My puppy eats everything outside — how do I stop them?

Pug eating daffodils outside
(Image credit: Aigars Reinholds/Getty Images)

If you’ve got a new fur baby on your hands, then you’re probably questioning, ‘My puppy eats everything outside - how can I stop them?’ Whilst you certainly don’t want them to consume anything dangerous, we’re here to tell you that it’s completely normal behavior and you’re not alone. 

You might want to invest in one of these long lasting dog chews if your furry friend loves to chew. This will be especially useful during the teething process, as well as when they’re bored or just want to play. These homemade puppy teething toys might also come in handy if you think your dog is suffering from sore gums. 

“Puppies, like human children, tend to explore with their mouths,” explains Dr. Joanna Woodnutt. “This is even more the case with dogs than humans as they don’t have hands – picking things up in their mouths is the only way a dog can tell if something is hard or soft, whether it would be a good item to chew, and whether something tastes good.” 

If you’re bringing home a puppy for the first time, you probably have a lot of questions and concerns about their behavior. But you don’t need to worry about your dog exploring with their mouth - this is totally normal and something that all pups are curious about. However, you might want to learn how to stop a puppy biting (those tiny teeth are sharper than they look!).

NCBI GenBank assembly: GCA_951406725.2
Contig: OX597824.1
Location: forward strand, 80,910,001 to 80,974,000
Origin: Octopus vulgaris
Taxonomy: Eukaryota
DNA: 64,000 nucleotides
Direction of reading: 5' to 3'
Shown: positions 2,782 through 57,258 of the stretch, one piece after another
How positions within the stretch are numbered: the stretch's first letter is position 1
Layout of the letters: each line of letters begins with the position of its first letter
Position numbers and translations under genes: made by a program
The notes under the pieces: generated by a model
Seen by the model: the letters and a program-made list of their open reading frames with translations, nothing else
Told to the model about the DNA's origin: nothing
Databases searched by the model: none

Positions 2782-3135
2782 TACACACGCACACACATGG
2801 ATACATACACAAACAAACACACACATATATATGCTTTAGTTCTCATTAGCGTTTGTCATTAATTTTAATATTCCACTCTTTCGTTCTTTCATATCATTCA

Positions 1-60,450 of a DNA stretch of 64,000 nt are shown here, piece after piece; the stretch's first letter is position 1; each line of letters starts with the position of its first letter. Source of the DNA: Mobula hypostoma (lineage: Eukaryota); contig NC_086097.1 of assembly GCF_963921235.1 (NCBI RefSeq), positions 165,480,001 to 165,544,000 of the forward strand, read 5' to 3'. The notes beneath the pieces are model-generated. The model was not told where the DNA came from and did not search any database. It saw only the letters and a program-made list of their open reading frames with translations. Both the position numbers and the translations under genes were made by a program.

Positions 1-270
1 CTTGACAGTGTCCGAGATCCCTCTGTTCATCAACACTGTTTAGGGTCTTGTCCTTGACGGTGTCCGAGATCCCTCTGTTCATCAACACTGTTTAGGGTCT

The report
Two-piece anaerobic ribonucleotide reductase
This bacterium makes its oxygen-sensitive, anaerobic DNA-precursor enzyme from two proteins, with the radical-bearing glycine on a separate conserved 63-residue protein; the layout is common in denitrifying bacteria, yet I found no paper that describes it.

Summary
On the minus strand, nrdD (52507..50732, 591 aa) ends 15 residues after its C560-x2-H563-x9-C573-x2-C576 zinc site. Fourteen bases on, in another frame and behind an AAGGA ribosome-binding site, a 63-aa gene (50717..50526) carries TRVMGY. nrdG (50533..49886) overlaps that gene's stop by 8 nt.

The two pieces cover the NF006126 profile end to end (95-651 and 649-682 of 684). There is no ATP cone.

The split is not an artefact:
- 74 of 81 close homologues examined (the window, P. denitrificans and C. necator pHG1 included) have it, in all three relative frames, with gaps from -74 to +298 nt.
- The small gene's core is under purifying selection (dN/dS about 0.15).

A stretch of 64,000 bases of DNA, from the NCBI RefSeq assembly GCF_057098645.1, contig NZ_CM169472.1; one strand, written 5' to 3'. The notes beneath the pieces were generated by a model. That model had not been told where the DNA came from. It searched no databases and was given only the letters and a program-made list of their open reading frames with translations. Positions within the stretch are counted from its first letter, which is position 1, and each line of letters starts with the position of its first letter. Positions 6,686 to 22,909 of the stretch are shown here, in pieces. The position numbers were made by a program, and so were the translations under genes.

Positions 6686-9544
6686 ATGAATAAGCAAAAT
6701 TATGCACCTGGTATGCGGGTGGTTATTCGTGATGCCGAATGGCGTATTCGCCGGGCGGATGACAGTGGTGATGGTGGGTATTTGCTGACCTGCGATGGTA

Although this behavior is to be expected from your little one, there are some things you don’t want them to eat, like rocks and sticks. So how do you minimize this risk? We asked Dr. Joanna Woodnutt for her advice: 

Dr Joanna Woodnutt BVM BVS BVMedSci MRCVS
Dr. Joanna Woodnutt

After graduating as a veterinarian from the University of Nottingham, Dr Joanna Woodnutt went on to practice companion animal medicine in the Midlands, UK. Dr Woodnutt is specifically interested in consulting and helping her clients understand their pets better, whether it’s around medical problems such as dermatology, behavior, and nutrition.

What age do puppies stop trying to eat everything?

Different puppies develop and mature at different rates. Depending on the breed, temperament, or even the behavior of other dogs in your puppy’s life, you might find that they reduce the amount of street eating quickly, or you might find that they never do.

Although every dog is different, you will usually find that most puppies stop picking up and eating everything in sight as they get older. And you’ll also find that most puppies can be trained fairly easily when to drop something which is particularly dangerous or problematic. It just requires patience, training and perseverance to get the results that you want. 

Nylabone Puppy Chew X Bone Chew Toy Blue, Small

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If you’ve got a teething pup that just wants to chew, this Nylabone toy will be their new favorite thing. Not only will it last a long time, but it’s also coated in a delicious flavor for them to enjoy. Our tester Gillian reported back that her pup loved this toy for teething.

How do I stop my puppy eating rocks and sticks?

Pug outside eating grass

(Image credit: Getty Images)

"Stopping your dog from eating things they shouldn’t outside can be really difficult," explains Dr. Woodnutt. "The first step is to keep a close eye on them so that you can intervene where necessary. The second is to train a reliable ‘leave’ command indoors. Don’t use it unless you really have to, or it will lose its power and your dog will get bored of listening to it."